MRC Prion Unit and Institute of Prion diseases


Graham S Jackson

Prion replication in vitro and its application

Graham Jackson


Tel: 020 7679 5028
Courtauld Building, Room 101A


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Research Synopsis

Prion-like mechanisms have been proposed as central to the spread of infection and worsening of symptoms in a range of neurodegenerative diseases such as Alzheimer’s and Parkinson’s disease. These proposals have been based upon the discovery of prions as the infectious agent of transmissible spongiform encephalopathies (TSEs) such as bovine spongiform encephalopathy (BSE), Creutzfeldt Jakob disease (CJD) and sheep scrapie. Prions are composed of misfolded, ordered aggregates of a host’s normal prion protein (PrP) that are capable of infecting new hosts and carrying phenotypic information that determines disease characteristics. Prions have features in common with simpler amyloid fibrils and indeed may also contain amyloid structure. Both prions and PrP amyloids propagate in parallel within a host following the establishment of a prion infection, but the simpler amyloids are not associated with any infectivity, all of which is attributable to the prions. What distinguishes prions from amyloid is crucial to understanding the difference between prion-like, ie amyloid properties and infectious prions themselves.

A method to robustly replicate prions in vitro was first described in 2001 and was termed protein misfolding by cyclic amplification (PMCA). PMCA typically requires a substrate produced from homogenised brain tissue that contains PrPC which limits the ability to adapt the substrate for study. We have recently developed a modified PMCA reaction that generates high prion titres from recombinant PrP expressed in bacteria. In order to generate infectious prions rather than simply amyloid, the reaction still requires the addition of brain homogenate. However, in these modified reactions the brain homogenate is provided from a transgenic mouse line that does not produce any PrPC. The PrP is provided separately in recombinant form and hence can be manipulated using standard, genetic engineering techniques, facilitating further study.

This represents a quantum leap forward in our ability to understand what differentiates non-infectious PrP amyloids from prions as the high titres generated coupled with recent advances in the ability to purify prions to heterogeneity allow not only manipulation by standard genetic and biochemical techniques, but also the isolation of these synthetic prions for further studies.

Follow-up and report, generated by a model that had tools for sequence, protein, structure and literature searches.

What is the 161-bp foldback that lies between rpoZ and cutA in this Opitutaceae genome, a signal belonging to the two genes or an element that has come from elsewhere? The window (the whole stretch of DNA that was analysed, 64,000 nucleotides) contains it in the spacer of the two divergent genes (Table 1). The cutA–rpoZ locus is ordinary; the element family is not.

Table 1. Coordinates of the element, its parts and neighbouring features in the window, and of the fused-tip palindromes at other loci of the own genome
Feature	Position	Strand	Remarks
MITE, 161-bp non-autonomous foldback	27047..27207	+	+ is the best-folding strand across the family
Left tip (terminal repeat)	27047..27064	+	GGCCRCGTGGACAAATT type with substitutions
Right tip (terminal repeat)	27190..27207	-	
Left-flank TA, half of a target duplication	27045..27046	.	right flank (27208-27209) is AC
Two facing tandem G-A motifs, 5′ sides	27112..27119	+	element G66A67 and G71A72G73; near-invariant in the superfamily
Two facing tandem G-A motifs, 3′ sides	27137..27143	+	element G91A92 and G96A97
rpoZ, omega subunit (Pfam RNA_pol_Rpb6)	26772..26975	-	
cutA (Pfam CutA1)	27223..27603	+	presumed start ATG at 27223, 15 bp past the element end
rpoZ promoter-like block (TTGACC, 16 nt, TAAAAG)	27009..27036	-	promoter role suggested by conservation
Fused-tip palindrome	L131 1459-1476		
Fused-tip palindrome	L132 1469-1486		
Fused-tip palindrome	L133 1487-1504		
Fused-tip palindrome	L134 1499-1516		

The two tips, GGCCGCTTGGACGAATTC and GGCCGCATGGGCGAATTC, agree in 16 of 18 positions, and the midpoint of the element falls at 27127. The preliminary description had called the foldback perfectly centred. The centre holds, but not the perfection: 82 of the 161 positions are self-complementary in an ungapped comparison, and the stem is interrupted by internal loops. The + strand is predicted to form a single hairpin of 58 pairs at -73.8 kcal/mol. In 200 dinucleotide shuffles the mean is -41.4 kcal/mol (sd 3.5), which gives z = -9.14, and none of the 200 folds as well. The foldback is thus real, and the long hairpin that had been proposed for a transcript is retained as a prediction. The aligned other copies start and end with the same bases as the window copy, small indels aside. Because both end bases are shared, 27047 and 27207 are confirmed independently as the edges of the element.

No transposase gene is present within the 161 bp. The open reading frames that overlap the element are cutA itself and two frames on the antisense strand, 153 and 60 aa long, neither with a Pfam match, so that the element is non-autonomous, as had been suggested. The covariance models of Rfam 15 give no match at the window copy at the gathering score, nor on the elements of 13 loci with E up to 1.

We are interested in defining the mechanism of prion replication at the atomic level which includes determining the structures of synthetic prions by cryo-electron microscopy and identifying the essential components contained within a brain homogenate that are required for prion replication in vitro. The crucial requirement for brain homogenate as a supplement to replicate prions rather than amyloid is being investigated, both by fractionation and modification of the brain homogenate substrate and by mass spectrometric analysis of the purified synthetic prions to determine what components additional to PrP are required to generate a prion.

Jackson fig

Negatively stained electron micrographs of prion rods purified from (A) infected mouse brain, (B) synthetically generated in vitro.

Selected Publications 

Neurofilament light chain and tau concentrations are markedly increased in the serum of patients with sporadic Creutzfeldt-Jakob disease, and tau correlates with rate of disease progression. 
Thompson AGB, Luk C, Heslegrave AJ, Zetterberg H, Mead SH, Collinge J, Jackson GS J Neurol Neurosurg Psychiatry. 2018 Feb 27.

Diagnosing Sporadic Creutzfeldt-Jakob Disease by the Detection of Abnormal Prion Protein in Patient Urine.
Luk C, Jones S, Thomas C, Fox NC, Mok TH, Mead S, Collinge J, Jackson GS. JAMA Neurol. 2016 Oct 3. doi: 10.1001/jamaneurol.2016.3733. PubMed PMID: 27699415.

Preclinical detection of infectivity and disease-specific PrP in blood throughout the incubation period of prion disease.
Sawyer EB, Edgeworth JA, Thomas C, Collinge J, Jackson GS. Sci Rep. 2015 Dec 3;5:17742. doi: 10.1038/srep17742.

Population Screening for Variant Creutzfeldt-Jakob Disease Using a Novel Blood Test: Diagnostic Accuracy and Feasibility Study
Jackson G, Burk-Rafel J, Edgeworth J, Sicilia A, Abdilahi S, Korteweg J, Mackey J, Thomas C, Wang G, Schott J, Mummery C, Chinnery P, Mead S, Collinge J. JAMA Neurol 2014; 71: 421-8.

Detection of prion infection in variant Creutzfeldt-Jakob disease: a blood-based assay.
Edgeworth JA, Farmer M, Sicilia A, Tavares P, Beck J, Campbell T, Lowe J, Mead S, Rudge P, Collinge J, Jackson GS. Lancet 2011; 377: 487-93.

Discrimination between prioninfected and normal blood samples by protein misfolding cyclic amplification
Tattum MH, Jones S, Pal S, Collinge J, Jackson GS. Transfusion 2010; 50: 996-1002.